The sidewalk problem–who pays and how does it get enforced?–is yet to be resolved.
It’s been two years since we last bemoaned the condition of city sidewalks in these pages. For such a foot-happy community— 12th among cities under 100,000 in 2012, with more than 18 percent of residents walking to work—Morgantown has terrible sidewalks. Since a new city manager came on in February 2017 and the city seated a new council in July, we wondered: any progress?
Answer: It’s under discussion.
Here’s the origin of the problem. Paving and construction of new homes are supposed to kick in sidewalk construction and repair, according to the city’s 1967 sidewalk ordinance and a 1979 amendment. But the city has handed waivers out liberally, leaving many gaps and stretches of disrepair. A provision that makes property owners responsible for the condition of their sidewalks has also been unenforced.
The last real focus on the issue was in 2010. A city survey showed that only about half of properties in the city had sidewalks at that time, and only about half of those were in good condition.
Also at that time, the Pedestrian Safety Board suggested a common-sense first level of improvement. Not every property has to have a sidewalk in order for the system to be minimally safe and functional, the PSB suggested in its 2010 Pedestrian Safety Plan. The board mapped a proposed network of arterial sidewalks. Quieter streets might not be fully sidewalked, but those would feed into a reasonably dense network of good sidewalks on more heavily traveled streets.
That proposal is yet to be acted on. Pedestrian Safety Board Chairman Matthew Cross says he’s raised the issue with the current city administration. “They are now looking to move forward with the previous sidewalk code that has been neglected for decades,” he says. Meanwhile, the average rate of about two pedestrian-related accidents reported per month for the past 20 years continues.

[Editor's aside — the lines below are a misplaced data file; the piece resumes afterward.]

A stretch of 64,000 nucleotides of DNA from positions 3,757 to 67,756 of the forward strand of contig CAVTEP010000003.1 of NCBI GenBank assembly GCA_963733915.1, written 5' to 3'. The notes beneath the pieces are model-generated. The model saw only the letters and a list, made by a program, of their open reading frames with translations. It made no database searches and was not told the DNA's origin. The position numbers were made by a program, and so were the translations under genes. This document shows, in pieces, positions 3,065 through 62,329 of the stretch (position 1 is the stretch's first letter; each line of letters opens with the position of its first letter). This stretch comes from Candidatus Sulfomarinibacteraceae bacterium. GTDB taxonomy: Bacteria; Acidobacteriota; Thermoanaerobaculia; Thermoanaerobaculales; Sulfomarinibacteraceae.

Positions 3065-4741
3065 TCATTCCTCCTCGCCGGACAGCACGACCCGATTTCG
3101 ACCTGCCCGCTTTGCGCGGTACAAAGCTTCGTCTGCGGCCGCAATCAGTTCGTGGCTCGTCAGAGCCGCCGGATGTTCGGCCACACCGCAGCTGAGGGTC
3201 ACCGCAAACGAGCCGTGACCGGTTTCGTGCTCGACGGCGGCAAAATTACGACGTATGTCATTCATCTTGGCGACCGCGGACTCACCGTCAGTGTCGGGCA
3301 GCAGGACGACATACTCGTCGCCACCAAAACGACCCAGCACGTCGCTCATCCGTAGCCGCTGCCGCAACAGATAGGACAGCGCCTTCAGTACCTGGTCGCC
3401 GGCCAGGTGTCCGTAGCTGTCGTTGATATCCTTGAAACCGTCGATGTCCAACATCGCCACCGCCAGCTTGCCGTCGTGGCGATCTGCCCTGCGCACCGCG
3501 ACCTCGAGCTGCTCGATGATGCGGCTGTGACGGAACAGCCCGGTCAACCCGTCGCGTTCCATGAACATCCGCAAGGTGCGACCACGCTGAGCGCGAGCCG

There has been some progress. Many fewer sidewalk waivers are granted, for example. “It’s got to be a hardship,” says City Engineer Damien Davis. “Like if it’s on a hillside where you’d also need a retaining wall.”
The city has also put a big emphasis recently on improving American Disabilities Act accessibility. “In the past two years, we’ve paved 20 miles of roadway,” Davis says. “With that project, we are required, when we’re maintaining our streets, to upgrade the ADA ramps. We’ve probably done 350 ADA ramps in the past two years.”
Yet to be Figured Out
Sidewalks aren’t cheap: $100 per linear foot of four-foot-wide sidewalk, by 2010 estimate. So the question everyone trips over is how to reverse the lax sidewalk commitment of the past in a way that is fair and viable. Many ideas have been laid out.
The PSB suggested in 2010 that the city institute an annual fee on residents of $1 per foot of frontage—$60 or $80 for the typical property—to be used for sidewalks and other pedestrian amenities. That proposal was not well received.
The city has some tens of thousands of dollars in a sidewalk account, Davis says. Ideas include using it as a match to apply for grants or offering it directly as matching funds for residents who fix their sidewalks.
Alternatively, he says, it could be treated as a rotating fund the city would use to fix sidewalks where residents won’t, and then charge them for the work. One approach would be to contact residents who need to improve sidewalks two years in advance of planned paving of their streets to give them a year to address it. The city’s paving contractors could take care of any unaddressed sidewalks with paving, and the city would bill the residents.
There was discussion at one point of using city sidewalk funds to encourage entire blocks of neighbors to improve their sidewalks all at one time, which would cut construction costs. “That discussion is still going on,” says PSB Chairman Cross.
Another cost-cutting idea is to create a city sidewalk crew rather than contracting. “I think it’s fair to consider that,” Cross says.
This is all behind-the-scenes talk— there’s no firm proposal or timeline. Davis references the 2010 Pedestrian Safety Plan as a worthwhile first target. “When we figure out what we want to do with sidewalks, we want to look at those main arterials first and then the back streets after that.”
Residents can raise sidewalk issues at their neighborhood association meetings and contact council members about them. They can also attend the meetings of the Pedestrian Safety Board, first Mondays of the month at 4:30 p.m. in the Public Safety Building at Walnut and Spruce streets.
written and photographed by Pam Kasey